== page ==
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Sleep Attacks And Micro-Sleep


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#21 Della The Red

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Posted 24 February 2015 - 04:58 PM

I have been having almost nightly nightmares which turn into HH and SP for past couple of weeks. I have tried just going to the loo then back to bed but it's like I simply 'paused' the nightmare and go straight back to it. Then a few nights ago, I got up and went for a walk around the garden and had a smoke. Upon going back to bed, managed to fall asleep - and not into the nightmare again!

 

yes I would not recommend nico to anyone who isn't already addicted, however, am so grateful to find something to shake off the HH and allow me to sleep again.

 

thanks



#22 NetiNeti

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Posted 24 March 2015 - 07:56 PM

Also, ADHD was mentioned here. ADHD (or ADD) is often a down-chain effect --- it is secondary to most other primary disorders. If you have narcolepsy; ADHD, ADD, EDS, Dysthymia, or Depression are likely "side effects" of the primary diagnosis of Narcolepsy. If you can regulate your narcolepsy and modulate your sleep and awake cycles, you will notice that some of the other secondary effects wear off over time. If they don't, they might have other causes. But I would definitely try to deal with the primary diagnosis first.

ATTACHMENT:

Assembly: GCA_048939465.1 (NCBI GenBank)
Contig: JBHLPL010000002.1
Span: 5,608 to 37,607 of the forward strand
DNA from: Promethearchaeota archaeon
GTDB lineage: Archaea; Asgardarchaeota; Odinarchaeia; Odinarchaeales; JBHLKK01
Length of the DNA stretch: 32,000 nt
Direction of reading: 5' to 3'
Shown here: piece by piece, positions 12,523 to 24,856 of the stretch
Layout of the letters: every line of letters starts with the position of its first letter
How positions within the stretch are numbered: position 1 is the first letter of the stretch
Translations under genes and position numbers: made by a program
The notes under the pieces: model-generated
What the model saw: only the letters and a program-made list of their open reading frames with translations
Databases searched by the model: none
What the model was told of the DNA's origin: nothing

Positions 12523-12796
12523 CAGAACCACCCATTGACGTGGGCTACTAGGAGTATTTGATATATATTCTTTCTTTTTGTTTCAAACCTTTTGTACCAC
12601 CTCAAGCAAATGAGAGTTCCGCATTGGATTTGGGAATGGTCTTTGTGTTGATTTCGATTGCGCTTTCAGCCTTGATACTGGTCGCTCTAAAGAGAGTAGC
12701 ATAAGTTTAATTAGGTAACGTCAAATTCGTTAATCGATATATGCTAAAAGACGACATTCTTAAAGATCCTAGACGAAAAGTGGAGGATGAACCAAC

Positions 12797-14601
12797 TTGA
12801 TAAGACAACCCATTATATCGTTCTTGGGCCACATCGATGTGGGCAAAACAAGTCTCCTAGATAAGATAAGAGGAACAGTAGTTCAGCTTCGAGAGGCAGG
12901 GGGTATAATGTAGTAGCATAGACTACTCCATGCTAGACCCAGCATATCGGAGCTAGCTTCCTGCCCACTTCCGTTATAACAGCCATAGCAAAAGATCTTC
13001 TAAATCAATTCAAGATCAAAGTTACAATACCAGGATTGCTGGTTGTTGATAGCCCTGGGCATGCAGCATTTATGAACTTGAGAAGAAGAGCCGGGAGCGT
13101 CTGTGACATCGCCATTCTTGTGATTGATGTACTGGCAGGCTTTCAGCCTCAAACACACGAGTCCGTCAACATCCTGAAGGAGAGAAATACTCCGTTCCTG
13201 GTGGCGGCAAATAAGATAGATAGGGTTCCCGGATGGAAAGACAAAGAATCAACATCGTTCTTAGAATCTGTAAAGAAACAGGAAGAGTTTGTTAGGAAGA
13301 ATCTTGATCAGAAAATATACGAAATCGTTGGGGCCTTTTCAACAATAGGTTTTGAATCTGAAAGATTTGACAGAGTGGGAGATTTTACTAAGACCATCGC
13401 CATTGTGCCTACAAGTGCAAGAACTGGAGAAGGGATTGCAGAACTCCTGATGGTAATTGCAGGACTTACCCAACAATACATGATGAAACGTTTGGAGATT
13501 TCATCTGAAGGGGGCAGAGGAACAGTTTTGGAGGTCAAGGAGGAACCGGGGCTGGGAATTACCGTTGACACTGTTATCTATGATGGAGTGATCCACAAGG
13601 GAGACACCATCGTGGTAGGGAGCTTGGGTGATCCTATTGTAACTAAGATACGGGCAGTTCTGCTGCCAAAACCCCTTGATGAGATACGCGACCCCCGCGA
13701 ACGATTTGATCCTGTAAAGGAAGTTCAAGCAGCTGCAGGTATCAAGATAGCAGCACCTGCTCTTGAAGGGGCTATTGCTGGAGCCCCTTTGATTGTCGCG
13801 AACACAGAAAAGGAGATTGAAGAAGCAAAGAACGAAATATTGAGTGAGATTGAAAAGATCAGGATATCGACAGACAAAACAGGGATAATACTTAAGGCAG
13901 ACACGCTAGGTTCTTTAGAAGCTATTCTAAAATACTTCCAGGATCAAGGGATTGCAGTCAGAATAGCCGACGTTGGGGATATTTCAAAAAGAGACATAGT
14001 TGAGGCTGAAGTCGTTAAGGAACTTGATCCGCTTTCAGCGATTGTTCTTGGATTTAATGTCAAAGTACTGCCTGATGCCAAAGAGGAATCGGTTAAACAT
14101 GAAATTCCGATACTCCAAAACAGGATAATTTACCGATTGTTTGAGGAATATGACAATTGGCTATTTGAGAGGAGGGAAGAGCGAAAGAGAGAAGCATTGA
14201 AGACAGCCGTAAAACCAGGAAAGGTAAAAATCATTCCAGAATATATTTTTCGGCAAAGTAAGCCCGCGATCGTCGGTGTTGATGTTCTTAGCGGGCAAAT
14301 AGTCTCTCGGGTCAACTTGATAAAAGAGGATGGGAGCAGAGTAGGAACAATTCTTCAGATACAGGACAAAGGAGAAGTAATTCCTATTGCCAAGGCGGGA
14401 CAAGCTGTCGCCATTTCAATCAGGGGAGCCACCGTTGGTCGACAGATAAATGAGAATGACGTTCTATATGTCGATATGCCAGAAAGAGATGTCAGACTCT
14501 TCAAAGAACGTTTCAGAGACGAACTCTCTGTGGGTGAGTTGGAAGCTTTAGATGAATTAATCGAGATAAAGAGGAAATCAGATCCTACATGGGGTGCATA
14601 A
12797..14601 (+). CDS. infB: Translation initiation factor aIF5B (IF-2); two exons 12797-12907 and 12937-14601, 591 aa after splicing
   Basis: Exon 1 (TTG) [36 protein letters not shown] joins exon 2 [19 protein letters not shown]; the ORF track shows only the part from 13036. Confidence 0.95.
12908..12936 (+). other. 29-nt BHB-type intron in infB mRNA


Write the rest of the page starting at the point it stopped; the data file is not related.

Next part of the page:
#23 purpley

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Posted 25 March 2015 - 12:23 PM

Also, ADHD was mentioned here. ADHD (or ADD) is often a down-chain effect --- it is secondary to most other primary disorders. If you have narcolepsy; ADHD, ADD, EDS, Dysthymia, or Depression are likely "side effects" of the primary diagnosis of Narcolepsy. If you can regulate your narcolepsy and modulate your sleep and awake cycles, you will notice that some of the other secondary effects wear off over time. If they don't, they might have other causes. But I would definitely try to deal with the primary diagnosis first.


Yes and no. The actual symptoms of ADHD/ADD overlap so much with chronic sleep deprivation that I think it's essentially impossible to diagnose those with any reliability in someone who has narcolepsy, treated or not.

On the other hand, I don't think I'd say that true depression in the formal psychiatric sense is "likely" a side effect of narcolepsy. Major depressive disorder can be pretty accurately diagnosed in someone with narcolepsy, as long as the doctor knows that narcolepsy is present. So if you have a true depressive disorder according to an expert who also knows you have narcolepsy, you'll probably still need treatment for depression even after the narcolepsy is treated. I would treat both clinical depression and narcolepsy simultaneously in someone who has both. If the narcolepsy symptoms and mood symptoms both improve, then you can try backing off the depression treatment and seeing if the depression's gone.

So anyone who has true depression should go ahead and get treatment, don't wait for the narcolepsy to be controlled before getting help.

#24 NetiNeti

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Posted Yesterday, 07:41 AM

Yes and no. The actual symptoms of ADHD/ADD overlap so much with chronic sleep deprivation that I think it's essentially impossible to diagnose those with any reliability in someone who has narcolepsy, treated or not.